Version 0.9.2 of the app was released today on the app stores.
It features an enhanced user interface (using Angular and Ionic for those curious about such things) and less functionality (online wordpress integration was removed, so the app is now completely standalone).
Here is the link on the IOS App Store: https://apps.apple.com/us/app/psygraph/id1008594035
I presented my history of use of Psygraph this Sunday at Quantified Self 2018 in Portland.
The slides are here: psygraph-presentation
Here is the flyer for the lunch breakout session: psygraph-flyer
The video is here: https://vimeo.com/293384415
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Psygraph consists of several tools that monitor your information. For example, when you start and stop the Stopwatch, the start and stop times are logged to a server. While the Stopwatch is running, various data that you specify (such as GPS location and acceleration) will also be logged.
Briefly, the four tools are:
- Stopwatch: The Stoppwatch tool is used for tracking the length of time that you meditate or spend on another activity.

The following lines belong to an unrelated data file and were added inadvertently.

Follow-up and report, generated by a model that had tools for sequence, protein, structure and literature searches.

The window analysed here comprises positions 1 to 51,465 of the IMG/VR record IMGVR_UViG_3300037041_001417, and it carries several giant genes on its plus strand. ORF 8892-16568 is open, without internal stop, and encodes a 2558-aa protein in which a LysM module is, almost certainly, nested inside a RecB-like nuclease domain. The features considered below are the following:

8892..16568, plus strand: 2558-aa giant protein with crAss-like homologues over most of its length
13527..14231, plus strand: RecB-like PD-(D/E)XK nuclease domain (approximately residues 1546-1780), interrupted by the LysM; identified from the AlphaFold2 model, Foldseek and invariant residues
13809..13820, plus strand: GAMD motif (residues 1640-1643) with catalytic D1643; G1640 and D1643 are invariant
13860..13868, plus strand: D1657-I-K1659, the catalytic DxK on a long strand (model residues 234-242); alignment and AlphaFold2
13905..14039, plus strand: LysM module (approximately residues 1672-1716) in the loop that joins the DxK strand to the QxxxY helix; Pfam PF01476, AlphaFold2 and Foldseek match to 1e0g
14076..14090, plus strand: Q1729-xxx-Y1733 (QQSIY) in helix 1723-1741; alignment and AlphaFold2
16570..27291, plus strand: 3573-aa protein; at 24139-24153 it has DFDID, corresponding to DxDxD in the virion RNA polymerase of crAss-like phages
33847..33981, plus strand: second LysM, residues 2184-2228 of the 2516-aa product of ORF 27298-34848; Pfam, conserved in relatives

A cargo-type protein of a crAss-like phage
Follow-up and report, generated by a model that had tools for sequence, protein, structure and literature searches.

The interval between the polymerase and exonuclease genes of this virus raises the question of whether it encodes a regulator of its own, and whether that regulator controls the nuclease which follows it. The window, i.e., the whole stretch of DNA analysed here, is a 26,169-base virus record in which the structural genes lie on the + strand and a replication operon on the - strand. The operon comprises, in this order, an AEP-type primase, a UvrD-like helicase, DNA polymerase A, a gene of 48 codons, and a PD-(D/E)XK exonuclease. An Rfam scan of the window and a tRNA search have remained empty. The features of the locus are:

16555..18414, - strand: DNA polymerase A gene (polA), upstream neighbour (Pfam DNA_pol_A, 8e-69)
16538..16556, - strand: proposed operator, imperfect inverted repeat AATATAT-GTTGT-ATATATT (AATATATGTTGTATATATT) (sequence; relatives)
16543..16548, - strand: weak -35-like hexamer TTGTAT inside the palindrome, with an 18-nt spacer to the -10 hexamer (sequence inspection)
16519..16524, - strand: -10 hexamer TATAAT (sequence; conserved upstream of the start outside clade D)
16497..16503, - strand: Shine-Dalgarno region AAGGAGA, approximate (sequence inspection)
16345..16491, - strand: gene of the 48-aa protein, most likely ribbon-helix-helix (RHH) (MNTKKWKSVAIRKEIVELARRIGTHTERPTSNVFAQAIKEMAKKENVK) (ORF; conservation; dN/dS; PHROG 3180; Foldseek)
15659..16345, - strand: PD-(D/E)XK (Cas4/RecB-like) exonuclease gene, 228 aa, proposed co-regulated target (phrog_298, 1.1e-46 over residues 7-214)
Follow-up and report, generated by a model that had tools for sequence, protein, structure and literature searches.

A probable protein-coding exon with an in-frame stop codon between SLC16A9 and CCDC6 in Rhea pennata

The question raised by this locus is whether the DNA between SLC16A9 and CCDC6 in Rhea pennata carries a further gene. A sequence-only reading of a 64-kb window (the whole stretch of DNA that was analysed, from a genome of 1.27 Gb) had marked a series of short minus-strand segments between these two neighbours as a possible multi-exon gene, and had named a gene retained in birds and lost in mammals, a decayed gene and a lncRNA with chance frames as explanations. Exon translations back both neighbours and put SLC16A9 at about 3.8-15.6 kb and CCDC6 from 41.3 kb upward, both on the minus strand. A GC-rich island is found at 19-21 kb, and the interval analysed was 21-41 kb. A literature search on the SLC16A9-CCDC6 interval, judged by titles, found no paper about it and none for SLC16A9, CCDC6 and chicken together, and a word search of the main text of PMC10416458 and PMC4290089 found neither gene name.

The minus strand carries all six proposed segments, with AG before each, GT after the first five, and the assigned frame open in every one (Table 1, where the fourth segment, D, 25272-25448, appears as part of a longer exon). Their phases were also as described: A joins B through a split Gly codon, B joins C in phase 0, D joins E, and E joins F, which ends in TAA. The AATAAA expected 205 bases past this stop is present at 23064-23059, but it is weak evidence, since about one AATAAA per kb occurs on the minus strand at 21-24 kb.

- Timer: The Timer tool is used to set reminders, such as a gong which indicates the end of a meditation session. You can also set the gong to go off at a random time during the day and print an inspirational quote.
- Counter: The Counter tool is used for the practice of breath counting, which can be used as a measure of mindfulness. You can also use this page to set a motion alarm that goes off if you move too much :).
- Note: The note page allows you to annotate your meditation sessions with text and/or audio notes. These notes can automatically create posts on your WordPress server if you are logged in and that option has been turned on.
All events and their associated time and position data belong to a particular category. The default category is “Uncategorized”, but you may create new categories for your data and change the category of existing data. If you wish to see the data belonging to all categories, you can create the special “*” category (categories can be created on the Preferences page). Categorizing the data is useful if you wish to distinguish the timers for different types of events (such as time spent in shamatha vs vipassana meditation).
All events have a time. The time of an event is specified as follows:
For example, to specify one minute and eight seconds, you would write “1:08”. To specify one and a half seconds, you would write “1.5”. This format extends to months and years in an obvious way (today’s date would be YYYY:MM:DD:HH:MM:SS). If you wish to specify one hour, just write “1:00:00” (or, since zero minutes and seconds is the default, you can just write “1::”).